My name is Joel Cherrico and I make functional pottery and abstract sculpture. I started a small business after graduating college in 2010, called Cherrico Pottery, LLC. I've been a full time artist for about 2 years now, with a goal of continually making and selling enough pottery to support my career.
I studied as an Art major for 4 years at the College of St. Benedict/St. John's University. My mentors were professor Sam Johnson and local potter JD Jorgenson. Both JD and Sam studied with Richard Bresnahan at the St. John's Pottery. Here, they learned a Japanese style of pottery making that stemmed from Richard's 4 year apprenticing in Karatsu, Japan. They have passed down a rich tradition of pottery production. The result is a Minnesota style of pottery that is highly in tune with the natural world and the local community.
I am interested in exploring the role of handmade pottery in today's world. Industrialized ceramics has eliminated the need for handmade wares, so the potter has redefined his/her place in society by creating an artistic visual language through production of handmade, utilitarian vessels. In that case, why make utilitarian vessels? I believe the ability to eat and drink from pottery allows viewers to develop relationships through active participation. I address this issue by emphasizing certain handmade qualities of my pottery.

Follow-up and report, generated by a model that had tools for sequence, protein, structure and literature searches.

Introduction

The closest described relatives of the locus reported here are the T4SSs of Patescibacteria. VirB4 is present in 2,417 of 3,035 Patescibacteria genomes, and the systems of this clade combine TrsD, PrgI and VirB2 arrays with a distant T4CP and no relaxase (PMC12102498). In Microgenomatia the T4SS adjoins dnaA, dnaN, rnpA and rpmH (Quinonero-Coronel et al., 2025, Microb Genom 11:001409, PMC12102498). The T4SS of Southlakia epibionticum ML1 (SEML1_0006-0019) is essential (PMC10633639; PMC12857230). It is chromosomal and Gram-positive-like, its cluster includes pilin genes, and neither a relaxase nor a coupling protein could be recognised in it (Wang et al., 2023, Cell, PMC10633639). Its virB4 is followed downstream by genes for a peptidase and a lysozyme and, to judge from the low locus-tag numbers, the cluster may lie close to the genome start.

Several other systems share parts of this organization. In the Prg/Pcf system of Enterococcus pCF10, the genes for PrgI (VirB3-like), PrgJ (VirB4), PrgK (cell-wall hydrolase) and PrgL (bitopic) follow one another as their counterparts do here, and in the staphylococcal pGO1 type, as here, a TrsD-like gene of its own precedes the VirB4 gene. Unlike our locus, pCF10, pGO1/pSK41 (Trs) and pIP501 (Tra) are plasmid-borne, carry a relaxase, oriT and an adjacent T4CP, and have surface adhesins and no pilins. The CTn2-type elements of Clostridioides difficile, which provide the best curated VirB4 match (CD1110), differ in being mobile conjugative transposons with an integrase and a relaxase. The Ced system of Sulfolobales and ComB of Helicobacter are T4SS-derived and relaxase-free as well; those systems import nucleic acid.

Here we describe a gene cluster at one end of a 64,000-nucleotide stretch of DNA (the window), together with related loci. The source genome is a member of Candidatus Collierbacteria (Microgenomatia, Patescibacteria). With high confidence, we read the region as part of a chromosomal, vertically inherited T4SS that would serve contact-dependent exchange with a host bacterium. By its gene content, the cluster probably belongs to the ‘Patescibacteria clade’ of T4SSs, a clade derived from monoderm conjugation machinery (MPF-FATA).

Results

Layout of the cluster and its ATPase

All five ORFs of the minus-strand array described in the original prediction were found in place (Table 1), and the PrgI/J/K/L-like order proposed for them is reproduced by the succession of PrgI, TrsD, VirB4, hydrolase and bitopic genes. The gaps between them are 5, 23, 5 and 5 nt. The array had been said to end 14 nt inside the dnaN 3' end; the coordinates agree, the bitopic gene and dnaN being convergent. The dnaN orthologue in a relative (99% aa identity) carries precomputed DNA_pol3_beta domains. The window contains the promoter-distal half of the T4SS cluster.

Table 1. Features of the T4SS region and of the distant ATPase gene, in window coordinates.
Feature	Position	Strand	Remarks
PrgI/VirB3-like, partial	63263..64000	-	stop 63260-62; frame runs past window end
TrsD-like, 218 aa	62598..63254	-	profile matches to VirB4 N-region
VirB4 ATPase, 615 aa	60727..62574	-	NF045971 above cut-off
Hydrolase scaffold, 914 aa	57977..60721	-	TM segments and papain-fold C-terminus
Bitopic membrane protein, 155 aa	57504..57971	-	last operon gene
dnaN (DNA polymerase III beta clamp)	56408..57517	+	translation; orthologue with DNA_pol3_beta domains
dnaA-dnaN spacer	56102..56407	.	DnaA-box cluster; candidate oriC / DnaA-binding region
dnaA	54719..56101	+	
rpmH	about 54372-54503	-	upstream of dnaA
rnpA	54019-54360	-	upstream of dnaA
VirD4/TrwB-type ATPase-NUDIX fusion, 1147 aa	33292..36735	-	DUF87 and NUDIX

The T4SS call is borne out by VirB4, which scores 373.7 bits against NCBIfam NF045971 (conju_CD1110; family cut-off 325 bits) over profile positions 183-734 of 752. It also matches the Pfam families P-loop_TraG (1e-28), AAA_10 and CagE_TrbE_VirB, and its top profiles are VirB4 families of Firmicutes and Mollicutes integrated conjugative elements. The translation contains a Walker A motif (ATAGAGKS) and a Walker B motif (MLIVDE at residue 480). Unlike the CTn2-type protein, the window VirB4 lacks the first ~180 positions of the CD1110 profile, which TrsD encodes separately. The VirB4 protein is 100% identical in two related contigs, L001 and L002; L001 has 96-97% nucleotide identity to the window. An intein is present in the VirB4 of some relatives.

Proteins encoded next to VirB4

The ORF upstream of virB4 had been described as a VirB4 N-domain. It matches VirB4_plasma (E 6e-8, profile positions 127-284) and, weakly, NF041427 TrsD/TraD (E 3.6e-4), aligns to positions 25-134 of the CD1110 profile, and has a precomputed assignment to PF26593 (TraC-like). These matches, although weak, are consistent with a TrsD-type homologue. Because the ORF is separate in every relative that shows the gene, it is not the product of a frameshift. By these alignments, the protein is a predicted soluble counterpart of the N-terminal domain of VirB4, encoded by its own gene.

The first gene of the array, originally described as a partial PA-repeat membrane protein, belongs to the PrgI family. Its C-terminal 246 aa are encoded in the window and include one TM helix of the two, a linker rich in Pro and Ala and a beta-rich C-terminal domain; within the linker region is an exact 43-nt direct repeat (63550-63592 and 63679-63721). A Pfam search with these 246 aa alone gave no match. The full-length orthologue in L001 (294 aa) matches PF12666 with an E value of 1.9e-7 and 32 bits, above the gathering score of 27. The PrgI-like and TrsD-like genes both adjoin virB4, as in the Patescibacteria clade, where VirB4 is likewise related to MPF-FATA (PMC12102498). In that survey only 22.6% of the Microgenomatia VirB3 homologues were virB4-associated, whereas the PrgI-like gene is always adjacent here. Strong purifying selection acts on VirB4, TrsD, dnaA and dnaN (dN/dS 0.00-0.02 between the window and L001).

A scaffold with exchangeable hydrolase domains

I make pottery for a small coffee shop in St. Joseph, MN called the Local Blend. Customers eat and drink from my pottery everyday. Community members are drawn there for the gourmet coffee, soup and sandwiches. They are then surprised by artwork- their entire meal is served from pottery. All of the pottery is also available for sale. The restaurant uses my pots for free and takes 25% of sales, while paying for any breakage. This innovative business model has been sustainable for about 2 years. This venue is also an ongoing, interactive art installation.
As renowned Minnesota potter, Warren Machenzie, once said, "Unlike a painting or sculpture, this work will be handled and mishandled, washed, and scraped with eating utensils. If a pot cannot withstand such treatment, it fails no matter how exciting it may appear to the eye."
- Warren Mackenzie, "Minnesota Pottery: A Potter's View" Ceramics Monthly, pg. 29, May 1981.
Awards & Recognitions
- Post-Baccalaureate Artist in Residence, College of Saint Benedict/Saint John's University, 2010-2011